"Q This conversation between Aaron and Alexander, how long did this conversation go on? "A About two or three words past. Aaron kept reaching over Alec and accidentally *269 hitting or tipping him with his arm, you know. So he said `Man, why don't you stop reaching over me?' and he started mumbling something. "Q Now who started mumbling something? "A Aaron. "Q Could you hear any of these words that you say he mumbled? "A I couldn't understand what he was mumbling. "Q All right. Go ahead. "A My mother told Aaron to go in the front room and leave Alec alone. "Q Then what happened? "A He mumbled something else. And he walked in the living room. He turned around and he went back in the kitchen. "Q When you say he, who are you referring to? "A Aaron. He walked back in the kitchen. "Q Then what happened? "A Alec was fixing to get up and come into the living room and Aaron was saying something to him, so my mother told Aaron to leave Alec alone and Alec said, `Man, why don't you leave me alone, I'm not bothering you.' So Alec started to walk to the living room and Aaron was standing up. And just as Alec was walking to the living room Aaron backed to the kitchen sink and reached and got a knife and started stabbing at Alec. "Q When you say he started stabbing at Alec, did you ever see him stab Alec? "A Yes I did. "Q Where was Alec when Aaron started stabbing him? "A He was standing by the refrigerator. "Q Is the refrigerator in the kitchen? "A Yes. "Q Where, in the kitchen, is the refrigerator? "A It's by the entrance to the kitchen. "Q What did Alec do while Aaron was stabbing him? "A He was trying to run. "Q Which way was he going? "A Toward the front door. "Q Coming down this way (indicating diagram)? "A Yes. "Q Did he ever get into the living room? "A Yes. "Q What happened after he got to the living room? "A Just as he got to the living room Aaron caught him and he stabbed him in the back with the knife and I guess as he felt it he turned around and threw up his hands and Aaron kept on stabbing at him and Alec was backing up and Aaron kept on coming toward him, stabbing him. And he fell between the chair and the table in the living room. And when he fell Aaron just stood over him and was stabbing down at him."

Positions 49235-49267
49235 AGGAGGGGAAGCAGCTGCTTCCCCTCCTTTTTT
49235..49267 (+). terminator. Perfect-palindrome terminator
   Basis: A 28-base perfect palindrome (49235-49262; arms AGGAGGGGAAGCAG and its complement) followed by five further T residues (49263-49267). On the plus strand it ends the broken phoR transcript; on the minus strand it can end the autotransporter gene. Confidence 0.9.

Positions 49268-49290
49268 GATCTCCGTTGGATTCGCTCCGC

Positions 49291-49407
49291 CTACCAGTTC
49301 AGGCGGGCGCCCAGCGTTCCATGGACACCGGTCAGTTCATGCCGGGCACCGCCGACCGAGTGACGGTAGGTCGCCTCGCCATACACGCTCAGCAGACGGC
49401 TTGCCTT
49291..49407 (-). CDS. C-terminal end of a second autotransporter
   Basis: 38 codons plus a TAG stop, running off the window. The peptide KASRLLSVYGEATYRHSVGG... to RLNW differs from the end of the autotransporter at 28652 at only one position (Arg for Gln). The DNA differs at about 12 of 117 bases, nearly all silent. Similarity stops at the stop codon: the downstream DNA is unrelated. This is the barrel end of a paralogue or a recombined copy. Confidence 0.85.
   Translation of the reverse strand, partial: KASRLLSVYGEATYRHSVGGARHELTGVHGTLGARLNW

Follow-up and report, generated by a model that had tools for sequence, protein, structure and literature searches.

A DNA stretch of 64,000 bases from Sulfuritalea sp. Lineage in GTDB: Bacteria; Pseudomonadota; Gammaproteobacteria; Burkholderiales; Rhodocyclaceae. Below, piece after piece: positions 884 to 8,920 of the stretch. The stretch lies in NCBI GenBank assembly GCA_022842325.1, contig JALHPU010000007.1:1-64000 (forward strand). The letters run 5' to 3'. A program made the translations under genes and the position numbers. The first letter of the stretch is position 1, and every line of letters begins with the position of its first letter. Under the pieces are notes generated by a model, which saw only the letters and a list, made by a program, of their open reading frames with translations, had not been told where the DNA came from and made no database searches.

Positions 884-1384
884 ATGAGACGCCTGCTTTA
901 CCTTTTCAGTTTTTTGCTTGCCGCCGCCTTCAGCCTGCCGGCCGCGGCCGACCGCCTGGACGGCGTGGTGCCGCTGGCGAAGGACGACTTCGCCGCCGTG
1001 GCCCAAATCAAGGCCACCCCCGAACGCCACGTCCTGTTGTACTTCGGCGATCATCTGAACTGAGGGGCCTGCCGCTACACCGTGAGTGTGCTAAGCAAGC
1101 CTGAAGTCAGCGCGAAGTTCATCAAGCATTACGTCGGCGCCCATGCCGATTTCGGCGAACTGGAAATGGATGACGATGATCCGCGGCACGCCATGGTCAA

She testified that she screamed, "Leave him alone," at the appellant, that she saw the appellant turn and run toward the front door, that she and one of the men eased Alexander White to the floor and began putting towels on his body. She testified that Alexander White did not have a knife or any other type of weapon, nor did she see him attempt to stab or hurt anyone. She testified that the appellant stabbed Alexander White with a long butcher knife.